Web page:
ASHBURN — Jonathan Allen and his fellow Redskins defensive linemen have a credo. Don’t get comfortable. It signifies an approach to football that applies in the weight room, on the practice field and anywhere the unit can take a step forward.
It’s about refusing to accept anything less than 100%.
“You should never feel comfortable,” Allen said. “We try to make everything and everybody uncomfortable in this building.”
When Reuben Foster went down earlier this week with a torn ACL, the Redskins lost a player they felt would have made a significant contribution in 2019.
But even without Foster, who was put on injured reserve Wednesday, the Redskins’ defense features an abundance of young talent — a squad that seems poised to take a major step forward next season.
Allen said for the defense to actually improve, they have to establish consistency. And for that to happen, the 24-year-old believes in making players feel uncomfortable “to help promote growth.”
So how do Allen and his teammates go about making that happen?
“Talk [trash],” Allen said, “and compete.”
Of the Redskins’ 11 projected starters on defense for next season, seven are 25 years old or younger. An eighth — cornerback Quinton Dunbar — is 26. The Redskins have built a solid foundation, using three of their last four first-round picks on defensive talent. In free agency, the Redskins also shelled out $84 million ($31 million guaranteed) to sign All-Pro safety Landon Collins.
Last season, the Redskins showed signs of promise of being an elite defense — before falling apart in the second half. Washington went from one of the league’s most-bruising defenses in the first half to finishing the year 17th in yards allowed (353 per game) and 20th in defensive efficiency.
During the collapse, players griped about roles and play-calling — most notably when safety D.J. Swearinger called out defensive coordinator Greg Manusky after a loss in December. The carping cost Swearinger his job.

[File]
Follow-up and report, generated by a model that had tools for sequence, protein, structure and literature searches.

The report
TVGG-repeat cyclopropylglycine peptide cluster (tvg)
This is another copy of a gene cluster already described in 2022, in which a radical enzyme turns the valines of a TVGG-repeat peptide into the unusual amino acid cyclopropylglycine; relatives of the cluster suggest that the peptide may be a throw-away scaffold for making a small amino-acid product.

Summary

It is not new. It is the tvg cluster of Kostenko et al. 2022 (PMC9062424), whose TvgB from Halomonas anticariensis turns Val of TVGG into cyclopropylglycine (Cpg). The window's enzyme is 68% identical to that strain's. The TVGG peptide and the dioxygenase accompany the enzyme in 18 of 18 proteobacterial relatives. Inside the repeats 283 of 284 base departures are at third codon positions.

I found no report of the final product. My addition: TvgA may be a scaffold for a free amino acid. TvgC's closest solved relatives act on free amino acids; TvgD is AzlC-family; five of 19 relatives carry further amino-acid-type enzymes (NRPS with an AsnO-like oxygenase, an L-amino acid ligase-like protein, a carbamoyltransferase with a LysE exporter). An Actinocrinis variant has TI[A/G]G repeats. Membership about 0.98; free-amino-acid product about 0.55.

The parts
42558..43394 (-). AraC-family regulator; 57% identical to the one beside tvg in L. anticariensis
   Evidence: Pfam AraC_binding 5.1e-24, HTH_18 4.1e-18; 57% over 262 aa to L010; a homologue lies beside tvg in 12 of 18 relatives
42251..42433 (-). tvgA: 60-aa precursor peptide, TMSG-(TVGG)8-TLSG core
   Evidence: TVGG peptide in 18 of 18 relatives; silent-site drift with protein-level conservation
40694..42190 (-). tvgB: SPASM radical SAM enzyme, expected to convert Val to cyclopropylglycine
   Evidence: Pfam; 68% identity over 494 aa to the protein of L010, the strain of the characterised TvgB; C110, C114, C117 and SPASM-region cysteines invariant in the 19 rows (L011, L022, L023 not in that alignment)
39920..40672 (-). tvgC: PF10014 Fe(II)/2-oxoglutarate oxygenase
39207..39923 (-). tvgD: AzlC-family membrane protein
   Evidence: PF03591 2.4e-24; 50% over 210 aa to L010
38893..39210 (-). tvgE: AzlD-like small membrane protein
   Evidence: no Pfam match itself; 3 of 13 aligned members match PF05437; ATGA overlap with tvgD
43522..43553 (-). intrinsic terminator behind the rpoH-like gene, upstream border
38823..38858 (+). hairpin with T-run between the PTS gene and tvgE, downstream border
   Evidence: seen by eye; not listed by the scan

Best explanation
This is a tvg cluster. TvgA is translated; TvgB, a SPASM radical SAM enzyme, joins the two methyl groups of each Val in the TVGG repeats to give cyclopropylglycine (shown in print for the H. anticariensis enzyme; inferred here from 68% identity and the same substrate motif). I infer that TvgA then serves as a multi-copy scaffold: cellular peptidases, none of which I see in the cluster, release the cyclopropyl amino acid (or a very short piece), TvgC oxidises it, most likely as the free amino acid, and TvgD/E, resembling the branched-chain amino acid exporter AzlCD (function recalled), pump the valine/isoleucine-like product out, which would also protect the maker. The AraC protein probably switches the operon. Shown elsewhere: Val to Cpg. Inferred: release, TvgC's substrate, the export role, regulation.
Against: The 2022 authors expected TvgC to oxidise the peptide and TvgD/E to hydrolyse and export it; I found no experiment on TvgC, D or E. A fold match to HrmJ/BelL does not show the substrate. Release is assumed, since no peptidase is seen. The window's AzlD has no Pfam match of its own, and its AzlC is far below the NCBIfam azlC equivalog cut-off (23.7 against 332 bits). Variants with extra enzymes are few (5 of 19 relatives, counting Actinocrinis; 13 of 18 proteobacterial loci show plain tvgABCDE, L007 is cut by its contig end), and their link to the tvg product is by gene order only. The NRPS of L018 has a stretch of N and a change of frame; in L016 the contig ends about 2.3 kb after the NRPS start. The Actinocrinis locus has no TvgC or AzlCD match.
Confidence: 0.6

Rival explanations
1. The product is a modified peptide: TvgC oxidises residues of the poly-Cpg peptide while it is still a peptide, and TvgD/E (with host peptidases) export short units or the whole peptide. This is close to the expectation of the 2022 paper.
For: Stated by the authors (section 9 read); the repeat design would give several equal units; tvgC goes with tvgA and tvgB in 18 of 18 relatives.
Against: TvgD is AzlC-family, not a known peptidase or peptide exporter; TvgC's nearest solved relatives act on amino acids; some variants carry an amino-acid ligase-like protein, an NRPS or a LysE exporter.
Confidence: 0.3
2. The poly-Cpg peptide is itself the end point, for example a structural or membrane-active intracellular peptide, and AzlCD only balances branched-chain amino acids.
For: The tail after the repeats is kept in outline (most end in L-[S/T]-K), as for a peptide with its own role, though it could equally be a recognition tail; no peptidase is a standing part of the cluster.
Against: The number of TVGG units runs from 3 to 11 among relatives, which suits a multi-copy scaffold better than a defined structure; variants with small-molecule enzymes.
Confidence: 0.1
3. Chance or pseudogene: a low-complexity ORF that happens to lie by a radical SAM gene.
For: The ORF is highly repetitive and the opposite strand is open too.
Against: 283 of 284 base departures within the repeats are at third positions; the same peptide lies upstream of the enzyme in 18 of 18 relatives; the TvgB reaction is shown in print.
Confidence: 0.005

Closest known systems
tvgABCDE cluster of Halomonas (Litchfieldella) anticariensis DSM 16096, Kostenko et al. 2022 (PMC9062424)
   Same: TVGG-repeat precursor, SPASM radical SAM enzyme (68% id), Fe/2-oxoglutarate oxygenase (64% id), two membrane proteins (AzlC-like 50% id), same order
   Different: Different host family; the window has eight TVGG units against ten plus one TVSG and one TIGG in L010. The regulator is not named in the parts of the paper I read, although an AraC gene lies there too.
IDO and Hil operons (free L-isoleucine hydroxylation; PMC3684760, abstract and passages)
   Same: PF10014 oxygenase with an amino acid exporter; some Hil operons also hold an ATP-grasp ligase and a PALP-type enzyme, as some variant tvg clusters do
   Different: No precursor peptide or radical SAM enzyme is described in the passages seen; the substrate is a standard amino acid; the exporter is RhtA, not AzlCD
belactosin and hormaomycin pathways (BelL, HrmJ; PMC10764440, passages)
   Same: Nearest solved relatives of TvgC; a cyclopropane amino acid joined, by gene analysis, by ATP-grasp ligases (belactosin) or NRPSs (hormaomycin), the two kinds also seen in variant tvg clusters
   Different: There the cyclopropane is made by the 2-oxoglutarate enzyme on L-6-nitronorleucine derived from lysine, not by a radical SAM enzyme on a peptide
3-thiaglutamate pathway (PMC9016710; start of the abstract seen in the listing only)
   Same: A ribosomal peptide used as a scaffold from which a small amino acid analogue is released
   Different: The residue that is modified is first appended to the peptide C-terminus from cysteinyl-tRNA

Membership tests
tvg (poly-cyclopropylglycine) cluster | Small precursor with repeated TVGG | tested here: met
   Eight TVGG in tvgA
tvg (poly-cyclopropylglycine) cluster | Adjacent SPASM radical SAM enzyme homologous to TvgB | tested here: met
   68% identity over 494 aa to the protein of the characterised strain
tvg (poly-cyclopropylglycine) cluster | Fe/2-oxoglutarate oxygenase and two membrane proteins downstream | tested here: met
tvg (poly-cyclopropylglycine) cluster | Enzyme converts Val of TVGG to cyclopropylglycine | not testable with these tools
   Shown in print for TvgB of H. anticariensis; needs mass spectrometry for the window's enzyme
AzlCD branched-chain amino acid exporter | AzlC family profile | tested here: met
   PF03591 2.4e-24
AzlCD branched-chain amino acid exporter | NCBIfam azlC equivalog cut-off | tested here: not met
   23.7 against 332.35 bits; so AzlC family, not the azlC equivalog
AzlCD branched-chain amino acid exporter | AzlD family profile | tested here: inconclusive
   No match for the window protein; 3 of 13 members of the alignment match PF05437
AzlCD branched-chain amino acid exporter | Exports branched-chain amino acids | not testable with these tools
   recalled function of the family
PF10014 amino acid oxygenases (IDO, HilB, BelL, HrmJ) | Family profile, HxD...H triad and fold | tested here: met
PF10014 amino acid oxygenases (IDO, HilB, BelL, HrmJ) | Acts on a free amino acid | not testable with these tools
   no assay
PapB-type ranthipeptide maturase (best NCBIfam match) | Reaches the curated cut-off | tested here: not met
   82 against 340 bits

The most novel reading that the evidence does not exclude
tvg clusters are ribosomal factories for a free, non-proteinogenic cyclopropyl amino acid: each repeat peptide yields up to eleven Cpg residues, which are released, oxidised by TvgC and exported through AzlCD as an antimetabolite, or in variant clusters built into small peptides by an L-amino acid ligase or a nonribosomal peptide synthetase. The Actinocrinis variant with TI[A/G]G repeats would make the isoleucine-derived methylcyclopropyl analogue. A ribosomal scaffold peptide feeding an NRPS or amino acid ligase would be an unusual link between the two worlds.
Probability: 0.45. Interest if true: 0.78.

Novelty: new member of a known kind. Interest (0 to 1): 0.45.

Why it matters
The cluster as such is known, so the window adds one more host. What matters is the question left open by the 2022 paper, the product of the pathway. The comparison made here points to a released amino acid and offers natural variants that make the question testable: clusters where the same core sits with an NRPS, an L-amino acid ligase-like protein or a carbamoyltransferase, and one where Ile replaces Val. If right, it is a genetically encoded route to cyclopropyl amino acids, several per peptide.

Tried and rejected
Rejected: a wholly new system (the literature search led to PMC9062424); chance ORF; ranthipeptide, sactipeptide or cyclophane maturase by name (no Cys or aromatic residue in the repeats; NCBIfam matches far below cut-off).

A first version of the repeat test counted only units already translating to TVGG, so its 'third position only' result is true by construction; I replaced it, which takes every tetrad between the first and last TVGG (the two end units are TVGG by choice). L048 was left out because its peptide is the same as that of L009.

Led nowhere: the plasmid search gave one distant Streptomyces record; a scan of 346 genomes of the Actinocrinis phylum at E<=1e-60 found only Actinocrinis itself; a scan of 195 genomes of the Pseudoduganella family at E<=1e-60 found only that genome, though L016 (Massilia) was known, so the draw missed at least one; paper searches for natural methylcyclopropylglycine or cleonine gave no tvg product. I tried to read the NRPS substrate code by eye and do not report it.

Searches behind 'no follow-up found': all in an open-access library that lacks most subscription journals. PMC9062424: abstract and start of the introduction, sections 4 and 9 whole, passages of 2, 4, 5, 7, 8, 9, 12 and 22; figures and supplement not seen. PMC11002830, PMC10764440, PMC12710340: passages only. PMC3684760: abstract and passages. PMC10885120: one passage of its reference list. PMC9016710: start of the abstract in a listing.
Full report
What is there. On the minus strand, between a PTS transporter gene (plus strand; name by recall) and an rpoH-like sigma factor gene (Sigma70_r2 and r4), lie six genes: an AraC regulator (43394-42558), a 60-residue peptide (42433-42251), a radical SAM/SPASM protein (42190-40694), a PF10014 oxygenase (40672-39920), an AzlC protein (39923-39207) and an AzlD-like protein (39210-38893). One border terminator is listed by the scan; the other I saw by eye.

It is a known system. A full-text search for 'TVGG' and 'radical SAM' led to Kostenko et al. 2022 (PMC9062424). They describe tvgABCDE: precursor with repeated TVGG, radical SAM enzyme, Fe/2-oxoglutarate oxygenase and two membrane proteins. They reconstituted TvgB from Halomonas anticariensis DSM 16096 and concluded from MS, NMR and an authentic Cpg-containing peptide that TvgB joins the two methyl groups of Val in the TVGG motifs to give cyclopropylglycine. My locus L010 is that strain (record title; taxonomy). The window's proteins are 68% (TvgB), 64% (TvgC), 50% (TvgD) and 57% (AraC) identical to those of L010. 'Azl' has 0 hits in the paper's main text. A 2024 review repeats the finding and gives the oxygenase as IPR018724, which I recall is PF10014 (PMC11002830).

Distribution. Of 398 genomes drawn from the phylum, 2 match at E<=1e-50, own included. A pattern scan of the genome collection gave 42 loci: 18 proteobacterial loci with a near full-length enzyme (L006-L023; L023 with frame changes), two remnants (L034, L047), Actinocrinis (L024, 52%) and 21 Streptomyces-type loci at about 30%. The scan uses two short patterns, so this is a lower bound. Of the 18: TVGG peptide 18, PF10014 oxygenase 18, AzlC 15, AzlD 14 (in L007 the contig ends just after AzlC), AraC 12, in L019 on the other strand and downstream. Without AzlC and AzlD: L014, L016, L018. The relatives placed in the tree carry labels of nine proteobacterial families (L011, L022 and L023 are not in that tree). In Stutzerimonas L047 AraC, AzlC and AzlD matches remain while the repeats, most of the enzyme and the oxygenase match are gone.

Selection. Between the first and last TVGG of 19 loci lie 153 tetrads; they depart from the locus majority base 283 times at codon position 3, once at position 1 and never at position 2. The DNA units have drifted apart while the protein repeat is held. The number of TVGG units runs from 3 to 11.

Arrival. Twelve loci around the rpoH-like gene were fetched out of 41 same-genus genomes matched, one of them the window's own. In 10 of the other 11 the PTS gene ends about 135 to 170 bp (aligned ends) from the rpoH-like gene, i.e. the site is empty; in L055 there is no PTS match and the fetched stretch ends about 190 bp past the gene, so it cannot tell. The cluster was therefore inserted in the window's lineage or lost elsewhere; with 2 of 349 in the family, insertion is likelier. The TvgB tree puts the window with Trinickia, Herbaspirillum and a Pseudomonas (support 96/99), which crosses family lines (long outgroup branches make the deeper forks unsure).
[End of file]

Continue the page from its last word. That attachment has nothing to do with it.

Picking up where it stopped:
This offseason was devoted as much to fixing the defense as it was to addressing the quarterback position.
In Collins, the Redskins feel they are getting a versatile talent who can set the tone on the field and off. A follow-my-example type player, Collins said in March the biggest thing he was going to add to the Redskins was his leadership.
Washington traded back into the draft’s first round to take edge-rusher Montez Sweat. The Redskins ranked seventh in sacks last season, but they needed help at the position after starter Preston Smith left in free agency. In his two years at Mississippi State, Sweat recorded 22 ½ sacks.
At rookie minicamp, coach Jay Gruden raved about Sweat’s speed — saying the 6-foot-4 edge rusher was faster than “anybody we probably have right now.”
Sweat set a record at the combine among defensive lineman, running a 4.41 40-yard dash.
“He eats up ground when he runs,” Gruden said. “It’s like three strides and he’s all the way across the field and it’s crazy.”
Of course, for all the optimism, there are still question marks. It isn’t immediately clear if the Redskins can replace Foster’s potential impact at linebacker. Mason Foster doesn’t have nearly the upside of Foster, but the veteran figures to slot back in as a starter. Washington also announced Wednesday it signed veteran linebacker Jon Bostic, who started 14 games in 2017 with the Pittsburgh Steelers.
The team also needs to sort out who will start at safety opposite Collins. Montae Nicholson, who had his assault charges dropped last week, is the most logical option, though the team needs to see if he can rebound from an uneven 2018
Sweat said he sees the team’s potential on defense. “We’re going to be as great as we want to be. I feel like we … could do some great things here.”
“When we are we are consistent and do our job, we can play with the best of them,” Allen said. “That is the tough part of the NFL, is doing it week in and week out. As long as we can do that, we will be fine.”